Stuart Neilson, Employment Partner at Pinsent Masons, comments on the Office for National Statistics’ zero-hours contracts report and Labour’s recent decision to oppose their use in the UK.
The ONS report highlights the difficulty there is in ascertaining with any certainty both what is meant by a “zero-hours” contract and how many people may be subject to such contracts.
Last week Ed Miliband put forward proposals for dealing with what he suggests is an “epidemic” of zero-hours contracts. Whilst the issue of zero-hours contracts is something which engenders a lot of lively debate and where clearly there are examples of abuse taking place – it is a difficult area to effectively legislate for two key reasons.
Firstly, is it possible to effectively legislate where there is no real certainty around what we mean by zero-hours contracts? Does it cover all casual employment or other more informal arrangements or is it only to cover those working on “regular” zero-hours arrangements?
Secondly, is there a risk that any legislation will have unintended consequences – in that it may effectively discourage employers from engaging employees on a casual basis for more than six months or 12 months? The ONS report has highlighted that there are disproportionate numbers of women, students, under 25’s and over 65’s on “zero hours” contracts. These groups may find it more challenging to obtain regular employment.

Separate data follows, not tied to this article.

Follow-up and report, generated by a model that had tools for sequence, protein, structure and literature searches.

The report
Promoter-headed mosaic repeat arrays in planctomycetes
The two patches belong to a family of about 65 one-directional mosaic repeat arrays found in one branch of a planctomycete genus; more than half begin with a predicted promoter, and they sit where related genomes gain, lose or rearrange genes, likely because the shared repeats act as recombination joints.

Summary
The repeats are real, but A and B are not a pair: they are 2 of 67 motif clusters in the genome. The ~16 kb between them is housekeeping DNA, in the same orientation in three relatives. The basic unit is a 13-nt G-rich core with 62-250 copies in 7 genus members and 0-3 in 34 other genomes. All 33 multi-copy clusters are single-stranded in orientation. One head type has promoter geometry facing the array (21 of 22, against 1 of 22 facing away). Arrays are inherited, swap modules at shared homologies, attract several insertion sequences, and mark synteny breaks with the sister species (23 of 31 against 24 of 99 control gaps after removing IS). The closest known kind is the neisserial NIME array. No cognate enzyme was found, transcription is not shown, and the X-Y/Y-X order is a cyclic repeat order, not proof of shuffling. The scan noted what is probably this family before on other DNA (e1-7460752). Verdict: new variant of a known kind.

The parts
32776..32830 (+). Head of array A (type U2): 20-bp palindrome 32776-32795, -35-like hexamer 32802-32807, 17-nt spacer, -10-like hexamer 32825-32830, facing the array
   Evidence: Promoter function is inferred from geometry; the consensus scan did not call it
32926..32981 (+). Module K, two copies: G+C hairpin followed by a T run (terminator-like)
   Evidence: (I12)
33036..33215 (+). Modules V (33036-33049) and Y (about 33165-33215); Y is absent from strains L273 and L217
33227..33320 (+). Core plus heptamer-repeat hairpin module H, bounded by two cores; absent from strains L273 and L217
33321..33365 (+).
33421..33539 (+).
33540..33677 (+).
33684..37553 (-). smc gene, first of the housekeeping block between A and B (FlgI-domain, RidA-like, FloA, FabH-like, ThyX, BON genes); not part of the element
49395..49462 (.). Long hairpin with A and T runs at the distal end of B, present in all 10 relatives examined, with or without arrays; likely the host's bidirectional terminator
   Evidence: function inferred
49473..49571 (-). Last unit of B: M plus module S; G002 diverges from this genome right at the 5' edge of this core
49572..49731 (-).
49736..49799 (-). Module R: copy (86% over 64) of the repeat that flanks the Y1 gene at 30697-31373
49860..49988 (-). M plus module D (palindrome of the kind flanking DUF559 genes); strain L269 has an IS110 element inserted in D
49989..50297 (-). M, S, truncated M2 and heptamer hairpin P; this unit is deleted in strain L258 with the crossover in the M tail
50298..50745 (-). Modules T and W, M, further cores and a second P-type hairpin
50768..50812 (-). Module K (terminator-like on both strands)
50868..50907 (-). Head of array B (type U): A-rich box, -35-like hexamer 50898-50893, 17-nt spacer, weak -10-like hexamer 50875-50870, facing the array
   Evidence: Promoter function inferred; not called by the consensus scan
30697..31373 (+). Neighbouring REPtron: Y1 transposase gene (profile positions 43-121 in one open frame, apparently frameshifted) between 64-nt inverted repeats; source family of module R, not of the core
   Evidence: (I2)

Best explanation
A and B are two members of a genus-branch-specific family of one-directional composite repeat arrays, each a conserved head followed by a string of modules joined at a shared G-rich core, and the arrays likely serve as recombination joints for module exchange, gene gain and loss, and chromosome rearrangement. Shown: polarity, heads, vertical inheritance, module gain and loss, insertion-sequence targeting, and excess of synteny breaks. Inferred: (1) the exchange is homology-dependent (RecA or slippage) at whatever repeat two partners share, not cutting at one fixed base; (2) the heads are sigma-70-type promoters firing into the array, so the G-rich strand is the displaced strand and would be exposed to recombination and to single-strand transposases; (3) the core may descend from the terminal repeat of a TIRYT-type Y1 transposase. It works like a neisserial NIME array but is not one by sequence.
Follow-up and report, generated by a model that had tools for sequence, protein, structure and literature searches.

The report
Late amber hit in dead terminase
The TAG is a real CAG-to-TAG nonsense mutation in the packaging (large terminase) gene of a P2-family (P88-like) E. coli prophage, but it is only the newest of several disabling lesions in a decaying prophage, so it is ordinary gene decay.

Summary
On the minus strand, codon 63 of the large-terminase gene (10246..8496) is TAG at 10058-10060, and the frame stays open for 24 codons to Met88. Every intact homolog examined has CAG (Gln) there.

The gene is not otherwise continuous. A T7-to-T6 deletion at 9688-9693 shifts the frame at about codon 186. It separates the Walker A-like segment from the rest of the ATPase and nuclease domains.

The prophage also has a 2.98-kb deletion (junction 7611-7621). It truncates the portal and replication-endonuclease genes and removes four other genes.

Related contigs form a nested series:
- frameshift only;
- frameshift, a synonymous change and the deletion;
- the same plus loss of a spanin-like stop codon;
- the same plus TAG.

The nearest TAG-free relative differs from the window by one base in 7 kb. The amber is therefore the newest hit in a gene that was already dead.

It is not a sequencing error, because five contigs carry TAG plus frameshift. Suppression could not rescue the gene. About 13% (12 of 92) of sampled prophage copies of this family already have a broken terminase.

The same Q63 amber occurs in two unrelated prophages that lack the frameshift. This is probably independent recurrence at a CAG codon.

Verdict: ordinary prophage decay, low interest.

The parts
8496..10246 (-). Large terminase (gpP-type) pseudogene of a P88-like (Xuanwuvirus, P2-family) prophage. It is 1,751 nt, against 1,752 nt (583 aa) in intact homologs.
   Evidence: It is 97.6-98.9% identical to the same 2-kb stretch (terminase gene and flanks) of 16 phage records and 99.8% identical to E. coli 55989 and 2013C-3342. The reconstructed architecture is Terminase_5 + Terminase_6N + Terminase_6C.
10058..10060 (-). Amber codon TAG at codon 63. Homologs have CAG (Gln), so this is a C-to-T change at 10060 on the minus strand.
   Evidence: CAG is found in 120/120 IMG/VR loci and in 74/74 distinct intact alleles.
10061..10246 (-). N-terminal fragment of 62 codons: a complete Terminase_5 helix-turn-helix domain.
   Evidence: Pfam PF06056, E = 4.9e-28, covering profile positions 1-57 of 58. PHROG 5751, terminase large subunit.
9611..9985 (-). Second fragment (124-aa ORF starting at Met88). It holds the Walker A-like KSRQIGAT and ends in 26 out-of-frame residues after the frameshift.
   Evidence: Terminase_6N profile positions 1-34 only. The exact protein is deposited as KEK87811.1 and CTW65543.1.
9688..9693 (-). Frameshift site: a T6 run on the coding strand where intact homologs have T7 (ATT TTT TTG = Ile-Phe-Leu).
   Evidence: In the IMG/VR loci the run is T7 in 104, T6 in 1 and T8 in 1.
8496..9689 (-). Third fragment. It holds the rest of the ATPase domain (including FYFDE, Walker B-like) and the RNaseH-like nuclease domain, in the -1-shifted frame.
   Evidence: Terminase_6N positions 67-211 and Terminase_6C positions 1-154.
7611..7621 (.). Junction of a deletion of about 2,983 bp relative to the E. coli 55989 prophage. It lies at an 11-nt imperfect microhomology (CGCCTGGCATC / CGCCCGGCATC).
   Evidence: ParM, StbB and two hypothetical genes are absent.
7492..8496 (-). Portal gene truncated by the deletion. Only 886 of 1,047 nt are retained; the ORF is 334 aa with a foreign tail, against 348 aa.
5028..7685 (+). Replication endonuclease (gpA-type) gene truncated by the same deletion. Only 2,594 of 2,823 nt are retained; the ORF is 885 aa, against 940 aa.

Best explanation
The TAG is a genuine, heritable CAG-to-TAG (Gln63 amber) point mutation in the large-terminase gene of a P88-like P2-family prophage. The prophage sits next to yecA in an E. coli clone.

In addition, whilst there may be particular sectors of the economy where abuse of so-called zero-hours contracts is thought to be occurring – particularly with low skilled and poorly paid occupations – the impact of any legislation is likely to be felt more widely and could impact upon sectors where flexibility is highly prized by both employers and employees, and where skills shortages are the primary concern such as in the engineering and construction sectors.
The aim might be a laudable one but legislators need to make sure they can provide very targeted and specific legislation and that it will achieve the aims the politicians want it to without causing greater drawbacks for both employers and employees